This digital exhibition allows you to explore the stories and resources included in Taking Care of Business: Migrant Entrepreneurs and the Making of Britain.
The website features four people affected by the Holocaust, their stories, objects and journeys.
This resource gives an overview of the site, navigation and content, and ideas for using it as part of the History curriculum or to mark Holocaust Memorial Day with students. It also includes a PowerPoint presentation to share some of the site’s content in the classroom, with questions for discussion.
View this resource.
This exhibition guide is designed to help you get to know the exhibition, where best to look to discover stories that relate to your learning goals. We have identified historical examples that will ground your students learning in the context of the long story of migration to and from Britain. We have highlighted the stories most suitable for primary students and explained how to make the most of your time with us.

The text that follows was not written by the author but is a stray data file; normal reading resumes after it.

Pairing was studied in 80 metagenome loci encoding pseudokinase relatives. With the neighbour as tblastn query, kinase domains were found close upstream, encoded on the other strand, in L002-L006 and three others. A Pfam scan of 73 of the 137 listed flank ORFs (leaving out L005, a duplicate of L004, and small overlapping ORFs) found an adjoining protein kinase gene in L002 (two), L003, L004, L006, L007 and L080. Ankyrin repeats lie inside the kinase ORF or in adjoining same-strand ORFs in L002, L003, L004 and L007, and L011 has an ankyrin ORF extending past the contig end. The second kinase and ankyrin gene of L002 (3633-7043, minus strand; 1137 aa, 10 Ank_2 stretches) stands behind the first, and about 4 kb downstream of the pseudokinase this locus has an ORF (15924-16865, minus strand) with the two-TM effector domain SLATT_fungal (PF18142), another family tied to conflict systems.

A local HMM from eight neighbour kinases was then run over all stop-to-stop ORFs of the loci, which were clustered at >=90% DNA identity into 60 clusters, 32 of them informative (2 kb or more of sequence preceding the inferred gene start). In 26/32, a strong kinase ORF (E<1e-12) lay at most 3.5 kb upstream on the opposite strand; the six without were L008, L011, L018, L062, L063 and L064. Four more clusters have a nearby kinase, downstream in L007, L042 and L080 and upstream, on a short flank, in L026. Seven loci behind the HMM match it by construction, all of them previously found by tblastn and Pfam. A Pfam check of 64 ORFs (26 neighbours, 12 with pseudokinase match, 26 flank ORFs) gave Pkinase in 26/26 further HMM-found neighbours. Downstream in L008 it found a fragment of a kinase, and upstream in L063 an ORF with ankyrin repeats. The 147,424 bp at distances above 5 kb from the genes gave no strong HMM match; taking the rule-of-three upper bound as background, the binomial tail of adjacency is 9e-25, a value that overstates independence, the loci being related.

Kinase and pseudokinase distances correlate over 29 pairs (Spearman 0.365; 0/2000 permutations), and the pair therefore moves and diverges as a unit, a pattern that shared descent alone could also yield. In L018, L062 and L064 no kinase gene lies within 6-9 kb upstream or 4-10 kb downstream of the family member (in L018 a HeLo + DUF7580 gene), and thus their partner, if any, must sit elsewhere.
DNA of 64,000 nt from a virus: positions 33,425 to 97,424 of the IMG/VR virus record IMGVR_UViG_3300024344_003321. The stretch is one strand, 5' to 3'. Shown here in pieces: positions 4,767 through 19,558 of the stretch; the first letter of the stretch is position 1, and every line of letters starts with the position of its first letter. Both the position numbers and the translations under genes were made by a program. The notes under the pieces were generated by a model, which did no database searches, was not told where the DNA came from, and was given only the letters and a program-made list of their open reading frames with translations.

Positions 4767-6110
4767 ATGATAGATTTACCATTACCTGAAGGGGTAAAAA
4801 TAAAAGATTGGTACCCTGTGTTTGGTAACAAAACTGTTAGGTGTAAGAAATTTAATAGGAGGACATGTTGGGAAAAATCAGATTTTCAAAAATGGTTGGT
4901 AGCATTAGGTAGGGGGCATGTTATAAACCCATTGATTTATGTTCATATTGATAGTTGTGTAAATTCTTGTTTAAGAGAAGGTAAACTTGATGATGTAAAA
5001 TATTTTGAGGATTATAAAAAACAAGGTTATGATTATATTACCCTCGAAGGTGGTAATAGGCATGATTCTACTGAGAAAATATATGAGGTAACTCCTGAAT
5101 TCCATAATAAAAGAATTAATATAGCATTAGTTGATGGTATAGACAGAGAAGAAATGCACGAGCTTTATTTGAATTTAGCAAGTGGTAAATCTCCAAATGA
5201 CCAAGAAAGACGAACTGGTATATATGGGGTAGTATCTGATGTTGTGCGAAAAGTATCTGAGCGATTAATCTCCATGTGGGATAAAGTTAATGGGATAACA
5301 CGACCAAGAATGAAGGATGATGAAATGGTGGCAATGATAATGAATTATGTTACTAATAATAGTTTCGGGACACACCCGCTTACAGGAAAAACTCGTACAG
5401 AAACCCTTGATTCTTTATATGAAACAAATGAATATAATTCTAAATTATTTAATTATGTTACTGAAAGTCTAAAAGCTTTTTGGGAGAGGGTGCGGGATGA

In August 1972, Ugandan dictator General Idi Amin served 90 days’ notice on around 70,000 Asians to leave Uganda. Each family was permitted to take only £55 and one suitcase per individual. 28,200 of these who held British passports were admitted to the UK. The then government set up the Uganda Resettlement Board to assist the expellees to find permanent homes, jobs and school places. Sixteen temporary resettlement camps around the country were set up and staffed in just six weeks. Charities, faith groups, campaigning organisations and private individuals in their thousands stepped forward to provide much needed support in those critical early months. This extraordinary feat of cooperation has strong contemporary relevance. Fifty years on, British Ugandan Asians have excelled in many fields from business and finance to politics, science, and the arts. British Ugandan Asians at 50 is a programme of the India Overseas Trust. We have received funding from the National Lottery Heritage Fund to record, on film, the oral histories of people who were involved in the camps as residents, volunteers or paid staff. We have focused on three of the Board’s resettlement camps: Tonfanau in Wales, Stradishall in Suffolk and Heathfield in Devon.